Ayşe Tuba Arslan was a 45-year-old woman and the mother of two children living in Eskisehir province of Turkey. She was a cook at a kindergarten and was trying to build a new life for herself after getting divorced from her violent ex-husband Yalçın Özalpay.
Arslan was threatened by Yalçın Özalpay many times and was exposed to physical violence by him. She went to the police station and filed a criminal complaint against him 23 times.
People in Turkey became aware of her when she was brutally murdered by Özalpay. She was hit on her head with a chopping knife in October 2019. She was treated at Osmangazi University Faculty of Medicine but could not make it and died 44 days later. It was revealed that Ayşe Tuba Arslan even asked the police officers for help by saying: “Will you protect me from that man after I die?” She was pleading for help, but each time Özalpay was released and in the end, he murdered her.
News of her murder, despite all the criminal complaints she had filed and her pleas for help from the state, led to public outrage. The perpetrator was facing an aggravated life sentence in the trial over Arslan’s femicide. In the lawsuit filed regarding the incident, Eskişehir 3rd High Criminal Court sentenced Özalpay to aggravated life imprisonment for “premeditated murder with monstrous feeling and by tormenting her.”
After the decision was announced and there was a decrease in public attention over her murder, defendant Özalpay filed an appeal and the 2nd Penal Chamber of the Ankara Regional Court of Justice ruled that the perpetrator shall be sentenced to 24 years in prison for “premeditated wilful killing under ‘unjust provocation.'”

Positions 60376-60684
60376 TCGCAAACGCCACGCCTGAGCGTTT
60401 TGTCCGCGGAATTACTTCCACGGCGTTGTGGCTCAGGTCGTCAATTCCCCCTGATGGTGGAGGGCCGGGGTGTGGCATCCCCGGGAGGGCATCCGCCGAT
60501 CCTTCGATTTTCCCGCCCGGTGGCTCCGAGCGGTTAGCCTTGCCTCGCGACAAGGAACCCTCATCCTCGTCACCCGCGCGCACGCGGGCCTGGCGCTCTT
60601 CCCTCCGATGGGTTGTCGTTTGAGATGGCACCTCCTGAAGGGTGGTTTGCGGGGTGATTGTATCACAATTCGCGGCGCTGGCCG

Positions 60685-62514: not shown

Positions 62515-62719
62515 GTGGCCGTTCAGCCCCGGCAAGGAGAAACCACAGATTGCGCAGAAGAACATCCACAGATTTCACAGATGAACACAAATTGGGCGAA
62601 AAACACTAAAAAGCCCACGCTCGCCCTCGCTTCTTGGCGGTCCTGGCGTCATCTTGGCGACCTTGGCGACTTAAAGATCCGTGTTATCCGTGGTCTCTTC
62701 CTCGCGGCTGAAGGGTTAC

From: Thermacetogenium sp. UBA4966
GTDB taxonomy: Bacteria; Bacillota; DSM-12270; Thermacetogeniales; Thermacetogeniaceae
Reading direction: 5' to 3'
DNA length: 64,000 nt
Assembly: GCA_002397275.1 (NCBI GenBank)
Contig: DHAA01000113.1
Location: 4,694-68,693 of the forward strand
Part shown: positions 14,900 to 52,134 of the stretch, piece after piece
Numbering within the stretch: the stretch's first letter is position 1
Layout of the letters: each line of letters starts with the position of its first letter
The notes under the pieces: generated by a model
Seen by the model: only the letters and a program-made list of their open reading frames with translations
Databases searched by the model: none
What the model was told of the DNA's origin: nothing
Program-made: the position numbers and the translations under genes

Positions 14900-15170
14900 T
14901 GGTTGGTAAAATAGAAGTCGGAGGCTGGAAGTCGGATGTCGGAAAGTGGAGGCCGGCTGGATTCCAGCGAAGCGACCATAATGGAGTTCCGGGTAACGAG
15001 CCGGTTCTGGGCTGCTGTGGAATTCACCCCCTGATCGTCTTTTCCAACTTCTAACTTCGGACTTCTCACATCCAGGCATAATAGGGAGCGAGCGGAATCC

On 13 July 2021, the court announced the reason for the decision. According to the 2nd Penal Chamber of the Ankara Regional Court of Justice, Özalpay decided to kill Arslan upon learning that he was being cheated on and after the divorce suit ended, he killed her under the influence of the provocation caused by the victim’s behaviour that was deemed to be contrary to the ‘obligation of faithfulness.’
Pınar Çelik Arpacı, one of the lawyers in the case, evaluated the decision of the appeal and spoke to Mezopotamya Agency (MA).
“On the date of the incident, Ayşe Tuba and the perpetrator were divorced. So there was no obligation of faithfulness. This decision means that women who have been divorced also still have obligations to their ex-spouse. The court is still seeking the obligation of faithfulness to the divorced spouse. This is unacceptable,” she said.
Attorney Arpacı also added that the court took the side of the perpetrator during the investigations: “The divorce case file was investigated after the murder. However, the court went to search for evidence in favour of the defendant but ignored the victim. The court empathized with the perpetrator and decided in his favour. With this decision, the perpetrator will remain in prison for only about 10 years, considering that he has already been behind bars for two years and since he will complete the last two years under probation. In other words, after 10 years, he will be able to walk in the streets freely. He received a punishment like a reward.”
Stating that they will take the file to the Court of Cassation, Arpacı said, “There can be no obligation of faithfulness in a criminal trial. Therefore, we demand that this decision is lifted by the Court of Cassation. If we do not get any result, we will go to the Constitutional Court (AYM). If we can’t attain justice from here, we will take it to the European Court of Human Rights (ECHR). We will never give up searching to attain justice for that woman,” she said.